The economy grew at a healthy clip in the third quarter, which could help give the Federal Reserve confidence to raise interest rates next month.
U.S. stock indexes closed slightly lower in quiet trading Monday after a week of strong gains, while a big health care deal failed to impress investors.
Housing starts in October fell to a seven-month low, but a surge in building permits suggested the housing market remained on solid ground.
U.S. productivity slowed in the summer, while labor costs rebounded yet stayed at a level suggesting only modest inflation pressures.
Employers maintained a steady pace of hiring in October and a jump in new orders buoyed activity in the services sector - healthy signs for the economy.
New orders for U.S. factory goods fell for a second straight month in September as the manufacturing sector continues to struggle.
The U.S. auto industry is on track for a record year, GM says, as the top U.S. automaker and its rivals report October sales that far exceed expectations.
Manufacturing activity slowed in October for a fourth straight month, but a rise in new orders offered hope for a sector buffeted by a strong dollar.
Consumer spending in September recorded its smallest gain in eight months as income barely rose, suggesting some cooling in domestic demand.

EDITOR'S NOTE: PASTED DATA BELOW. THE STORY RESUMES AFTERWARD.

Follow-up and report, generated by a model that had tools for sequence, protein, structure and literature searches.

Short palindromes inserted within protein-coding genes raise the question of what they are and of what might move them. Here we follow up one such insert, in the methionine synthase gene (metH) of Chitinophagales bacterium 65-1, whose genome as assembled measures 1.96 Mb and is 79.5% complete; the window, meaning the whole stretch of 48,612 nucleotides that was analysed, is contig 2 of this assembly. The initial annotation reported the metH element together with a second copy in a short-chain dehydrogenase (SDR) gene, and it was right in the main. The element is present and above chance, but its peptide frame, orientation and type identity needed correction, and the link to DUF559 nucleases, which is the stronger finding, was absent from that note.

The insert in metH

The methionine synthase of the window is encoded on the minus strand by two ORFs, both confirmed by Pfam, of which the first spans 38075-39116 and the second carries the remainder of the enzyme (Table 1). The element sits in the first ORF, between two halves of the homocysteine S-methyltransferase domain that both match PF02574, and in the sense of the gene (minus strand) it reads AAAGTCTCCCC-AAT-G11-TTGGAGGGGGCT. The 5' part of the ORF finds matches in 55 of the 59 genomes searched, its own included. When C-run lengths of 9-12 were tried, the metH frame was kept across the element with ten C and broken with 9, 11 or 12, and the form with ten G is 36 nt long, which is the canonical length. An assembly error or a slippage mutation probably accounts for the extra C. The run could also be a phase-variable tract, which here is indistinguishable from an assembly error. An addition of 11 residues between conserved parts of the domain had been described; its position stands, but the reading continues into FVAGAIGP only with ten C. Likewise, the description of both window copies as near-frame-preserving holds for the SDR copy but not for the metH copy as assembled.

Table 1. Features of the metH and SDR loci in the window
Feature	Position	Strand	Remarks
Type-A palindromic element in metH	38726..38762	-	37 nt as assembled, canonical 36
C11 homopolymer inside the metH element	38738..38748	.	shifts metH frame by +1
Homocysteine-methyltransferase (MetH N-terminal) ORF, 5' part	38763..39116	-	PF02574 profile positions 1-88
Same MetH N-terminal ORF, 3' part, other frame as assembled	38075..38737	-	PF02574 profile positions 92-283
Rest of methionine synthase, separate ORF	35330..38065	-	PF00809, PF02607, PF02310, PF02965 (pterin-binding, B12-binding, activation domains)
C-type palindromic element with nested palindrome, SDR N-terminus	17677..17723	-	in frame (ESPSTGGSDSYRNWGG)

Contracts to buy previously owned U.S. homes fell unexpectedly in September, a warning sign that the housing market recovery may be stumbling.
U.S. stocks ended higher Friday and the S&P 500 notched a third week of gains, helped by upbeat consumer sentiment data and gains in General Electric.
Industrial production fell for a second straight month in September on renewed weakness in oil and gas drilling.
Consumer prices recorded their biggest drop in eight months in September as the cost of gasoline fell.
Americans increased spending at auto dealers, restaurants and clothiers in September, but cheaper gasoline prices suppressed overall retail sales growth.
Exports took a hit from an ailing global economy in August and imports from China surged, fueling the largest expansion of the trade deficit in five months.
Service-sector growth slowed in September as sales fell and new orders plunged, evidence that consumer confidence may have been affected by Wall Street.
The S&P 500 and Nasdaq rose Thursday in a choppy start to the fourth quarter as investors awaited September's jobs report and the start of earnings season.
The pace of factory growth slowed in September while new jobless claims pointed to a tightening labor market, giving mixed messages on the economy's health.
Automakers booked double-digit sales gains last month in the U.S. market, helped by strong growth from key brands like Jeep and a later Labor Day holiday.